Years later the sack of groceries makes sense
Published 2:07 pm Wednesday, July 5, 2023
By Les Ferguson, Jr.
Like most folks, I’ve had my share of heartaches, heartbreaks, and tragedies. Some of them were completely out of my control. Some of those difficulties were self-inflicted. And some of those struggles in the self-inflicted category were simply the result of not reacting appropriately to situations and circumstances.
Case in point: Way back in my early twenties, my wife and I dated for several years. But when we broke up, I was gobsmacked. I was miserable and miserable to be around. I didn’t handle much of anything in a good manner.
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Ultimately, I joined the Navy to find some positive way to move forward in my life.
I didn’t want to face the reality at the time, but the truth is we were living out our rendition of the lyrics sung by Dr. Hook, “She was too young to fall in love and I was too young to know…” But during all the trauma and drama of breaking up, I was in a dark place. I moved out of my parent’s home and was sharing a place with a friend from work. Neither of us made much money and truth to tell, it shouldn’t have been a surprise to me when life got even harder. But it did and I was.
During this time, my dad and I did not connect very well – again, self-inflicted. But in trying to live on my own, I mostly shut out my family and somewhat ignored the values I was raised with.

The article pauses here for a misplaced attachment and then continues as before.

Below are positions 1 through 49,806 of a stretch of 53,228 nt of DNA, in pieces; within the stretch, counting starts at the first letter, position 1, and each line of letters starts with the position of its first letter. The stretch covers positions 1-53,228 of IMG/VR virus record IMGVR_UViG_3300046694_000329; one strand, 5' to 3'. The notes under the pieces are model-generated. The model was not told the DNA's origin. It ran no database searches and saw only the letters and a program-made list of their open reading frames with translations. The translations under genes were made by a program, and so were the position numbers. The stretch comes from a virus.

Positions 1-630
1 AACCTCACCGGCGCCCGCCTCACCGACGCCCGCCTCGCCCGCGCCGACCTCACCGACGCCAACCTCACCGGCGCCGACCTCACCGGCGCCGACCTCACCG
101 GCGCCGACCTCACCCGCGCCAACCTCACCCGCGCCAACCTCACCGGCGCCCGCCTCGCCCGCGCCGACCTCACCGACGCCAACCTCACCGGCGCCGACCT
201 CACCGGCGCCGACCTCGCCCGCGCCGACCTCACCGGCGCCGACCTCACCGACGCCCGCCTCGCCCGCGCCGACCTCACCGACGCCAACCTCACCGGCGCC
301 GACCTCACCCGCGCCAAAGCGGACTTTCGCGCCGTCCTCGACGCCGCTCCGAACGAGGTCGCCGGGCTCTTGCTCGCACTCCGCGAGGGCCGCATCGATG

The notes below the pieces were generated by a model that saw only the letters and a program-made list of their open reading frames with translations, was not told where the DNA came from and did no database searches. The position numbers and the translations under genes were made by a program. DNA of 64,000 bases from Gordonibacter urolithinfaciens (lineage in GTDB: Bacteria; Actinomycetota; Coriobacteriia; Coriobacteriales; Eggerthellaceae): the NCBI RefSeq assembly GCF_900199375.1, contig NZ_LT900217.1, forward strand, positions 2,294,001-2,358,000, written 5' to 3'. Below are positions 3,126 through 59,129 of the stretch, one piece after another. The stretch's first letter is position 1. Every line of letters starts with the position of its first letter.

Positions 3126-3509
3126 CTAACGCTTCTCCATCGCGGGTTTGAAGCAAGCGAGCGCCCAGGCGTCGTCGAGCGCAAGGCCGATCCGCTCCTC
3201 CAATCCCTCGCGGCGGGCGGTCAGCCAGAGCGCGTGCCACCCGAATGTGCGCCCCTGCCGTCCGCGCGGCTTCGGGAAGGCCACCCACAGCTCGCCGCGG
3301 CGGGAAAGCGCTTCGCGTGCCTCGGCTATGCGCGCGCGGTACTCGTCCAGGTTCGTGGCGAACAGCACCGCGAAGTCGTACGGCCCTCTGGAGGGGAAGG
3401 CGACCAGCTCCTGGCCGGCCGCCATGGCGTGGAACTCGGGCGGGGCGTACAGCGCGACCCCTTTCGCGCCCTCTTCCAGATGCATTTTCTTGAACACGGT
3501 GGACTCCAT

Did I mention life was hard? I shudder now to think about the conditions of that old trailer I shared with a friend. I really didn’t make enough money to be on my own – and I will always remember the day my father drove to my location, rolled down his window, and handed me a grocery bag of Beanie Weenies, crackers and other needed staples.
He didn’t say a single word. There was no condemnation, no “I-told-you-so’s”, and no outward judgment. I am sure he had definite opinions and feelings about my life choices at that point, but he didn’t preach or otherwise try to make me feel guilty or ashamed.
But that soft, barely formed smile and nod of his head spoke volumes of love, concern, and heartache over my situation. Again, at that moment I couldn’t really comprehend the mercy, grace, and compassion he was extending.
But all these years later, I get it now. After years of studying and preaching the Parable of the Prodigal Son, I get it now. After helping raise six young men, I get it now.
And after experiencing the grace, mercy, and compassion of my Heavenly Father, I remain gobsmacked. Years and years later, after tragedy and heartbreak unimaginable, I married that girl who broke my heart.
And my dad? Well, he’s still a compassionate father – he still gives me encouragement – he still exemplifies our Heavenly Father.
Wherever you are, whatever you are experiencing, there is always One who will meet you at the table with an abundance of mercy, grace, and compassion. There is always hope.
“Come to me, all of you who are weary and burdened, and I will give you rest. Take up my yoke and learn from me, because I am lowly and humble in heart, and you will find rest for your souls. For my yoke is easy and my burden is light.” (Matthew 11:28–30 CSB17)
Les Ferguson, Jr., is minister at Oxford Church of Christ. Write to him at firstname.lastname@example.org.